Another option is to separate your staff by industry, so that each sales agent is assigned to a certain industry that is straightforward to track. This method ensures that the same point of contact is maintained throughout the customer's lifespan. Furthermore, it qualifies salespeople as experts in their field, which benefits both the potential customer and the salesperson.
A sales representative will be assigned to the possible new customer who is familiar with their industry and the issues that it faces. As a result, the sales representative can anticipate queries about the client's problems. Finally, he or she will be more effective in resolving difficulties of conquering obstacles.
You shouldn't give up if you reach out to a new contact and they don't respond. Send another email or phone at a different time; it's possible that the individual was simply unavailable when you originally tried to contact them.
You should also make an effort to build your lead relationships as much as feasible. During a sales call, for example, you may ask whether you can add the individual to your mailing list, which will provide you another opportunity to communicate with them.
While putting too much pressure on new contacts to buy is rarely a good idea, following up with them helps to keep your brand in their minds and may boost the likelihood that they will convert when they are ready.
People, regardless of their position in a firm, are more likely to consider the product or service that their company provides.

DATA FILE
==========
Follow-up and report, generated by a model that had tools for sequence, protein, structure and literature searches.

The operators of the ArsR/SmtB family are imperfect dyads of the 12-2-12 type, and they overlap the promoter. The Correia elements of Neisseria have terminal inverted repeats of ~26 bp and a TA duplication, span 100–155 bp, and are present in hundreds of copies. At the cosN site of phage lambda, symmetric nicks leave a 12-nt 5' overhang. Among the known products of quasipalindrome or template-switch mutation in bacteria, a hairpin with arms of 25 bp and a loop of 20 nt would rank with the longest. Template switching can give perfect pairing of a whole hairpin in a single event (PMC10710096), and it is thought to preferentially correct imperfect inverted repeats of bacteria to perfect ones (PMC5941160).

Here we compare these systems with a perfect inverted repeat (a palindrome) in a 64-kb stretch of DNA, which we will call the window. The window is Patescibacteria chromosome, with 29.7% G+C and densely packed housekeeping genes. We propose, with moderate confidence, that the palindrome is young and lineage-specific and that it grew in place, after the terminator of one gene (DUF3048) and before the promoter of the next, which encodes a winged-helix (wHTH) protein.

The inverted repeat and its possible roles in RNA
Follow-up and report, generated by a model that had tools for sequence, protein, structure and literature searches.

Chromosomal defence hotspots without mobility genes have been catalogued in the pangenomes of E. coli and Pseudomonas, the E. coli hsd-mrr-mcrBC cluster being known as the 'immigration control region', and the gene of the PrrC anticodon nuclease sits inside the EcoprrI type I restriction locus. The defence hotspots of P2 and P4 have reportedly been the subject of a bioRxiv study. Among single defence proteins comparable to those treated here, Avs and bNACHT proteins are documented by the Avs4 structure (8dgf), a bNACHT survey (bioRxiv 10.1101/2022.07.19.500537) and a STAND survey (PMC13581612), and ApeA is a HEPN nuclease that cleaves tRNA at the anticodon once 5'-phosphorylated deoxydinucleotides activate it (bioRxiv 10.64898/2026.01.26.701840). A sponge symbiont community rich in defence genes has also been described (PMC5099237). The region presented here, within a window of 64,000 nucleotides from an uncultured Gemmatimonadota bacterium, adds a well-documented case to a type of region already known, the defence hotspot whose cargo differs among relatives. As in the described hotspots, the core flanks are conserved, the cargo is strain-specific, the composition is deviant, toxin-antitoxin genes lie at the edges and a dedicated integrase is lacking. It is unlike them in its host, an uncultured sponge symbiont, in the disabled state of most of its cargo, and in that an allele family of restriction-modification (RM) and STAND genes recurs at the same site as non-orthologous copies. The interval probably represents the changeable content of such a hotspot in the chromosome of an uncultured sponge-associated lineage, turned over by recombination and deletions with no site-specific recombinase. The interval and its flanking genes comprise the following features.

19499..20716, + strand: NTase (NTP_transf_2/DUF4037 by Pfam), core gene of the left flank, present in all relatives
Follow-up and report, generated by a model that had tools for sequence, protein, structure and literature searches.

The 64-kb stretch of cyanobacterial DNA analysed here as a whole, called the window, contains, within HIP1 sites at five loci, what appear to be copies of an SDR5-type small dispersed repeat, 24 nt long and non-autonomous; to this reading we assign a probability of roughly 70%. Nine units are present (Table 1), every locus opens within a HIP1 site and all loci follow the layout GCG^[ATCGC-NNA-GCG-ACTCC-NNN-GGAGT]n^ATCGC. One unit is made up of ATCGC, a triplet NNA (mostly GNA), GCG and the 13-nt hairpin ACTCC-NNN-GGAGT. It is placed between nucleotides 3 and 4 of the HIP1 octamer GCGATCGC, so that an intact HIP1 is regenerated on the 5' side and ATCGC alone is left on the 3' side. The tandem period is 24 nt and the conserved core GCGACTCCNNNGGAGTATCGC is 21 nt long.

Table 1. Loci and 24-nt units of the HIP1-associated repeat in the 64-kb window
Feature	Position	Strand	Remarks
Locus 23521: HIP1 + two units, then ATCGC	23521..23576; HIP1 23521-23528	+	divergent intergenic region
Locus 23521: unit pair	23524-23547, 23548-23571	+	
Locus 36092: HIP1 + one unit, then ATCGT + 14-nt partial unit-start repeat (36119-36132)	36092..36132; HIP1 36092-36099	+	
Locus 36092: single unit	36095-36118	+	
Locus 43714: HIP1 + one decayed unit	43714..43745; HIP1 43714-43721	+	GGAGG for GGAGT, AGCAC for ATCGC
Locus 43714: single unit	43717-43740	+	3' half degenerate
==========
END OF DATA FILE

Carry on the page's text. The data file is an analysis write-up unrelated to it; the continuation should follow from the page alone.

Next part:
That, however, is a huge blunder.
It's not a good idea to try to sell a product or service.
Instead, direct your attention to the potential client's problems that your product or service can answer.
What are their everyday aches and pains?
What do they want to accomplish?
And how can you assist them in obtaining their goals?
To put it another way, "what's in it for them?"
So, rather than focusing on what you want to accomplish, consider what the potential customer wants to achieve.
It's a radical departure from typical sales thinking, and transitioning to it might be difficult. But, in the end, it will pay off, because customers are increasingly seeking for solutions rather than products.
This brings us to the next point: pay attention.
Listening is another crucial factor to consider if you want to convert your leads into paying clients.
I mean, genuinely pay attention.
Rather of merely droning on with your sales presentation, listen to what the prospect has to say.
Rather than focusing on your objectives, listen to what your contact has to say and see if you can pick up on their true aches and issues (which your product or service can solve).
Maybe the possible customer is hinting at an underlying problem for which they haven't found a solution and aren't willing to talk about it?
It is your responsibility to educate the contact about the problem that your service, solution, or product addresses.
Data can assist you figure out how effectively your online lead conversion methods are working.
Create dashboards using analytics tools to illustrate how many leads enter your CRM system at each level of the sales funnel and how many of them convert to paying clients.
You can readily determine which areas of your sales funnel are leaking leads when data is presented simply in a dashboard. This helps you to concentrate your efforts on contacting those prospects who are most likely to convert.
Once you've created a lead dashboard, you'll need to keep it up to date and check it on a regular basis to track your success. Make data a regular part of your sales meetings so that everyone on the team has a clear picture of the current position and can recommend ways to convert leads from different areas of the sales funnel.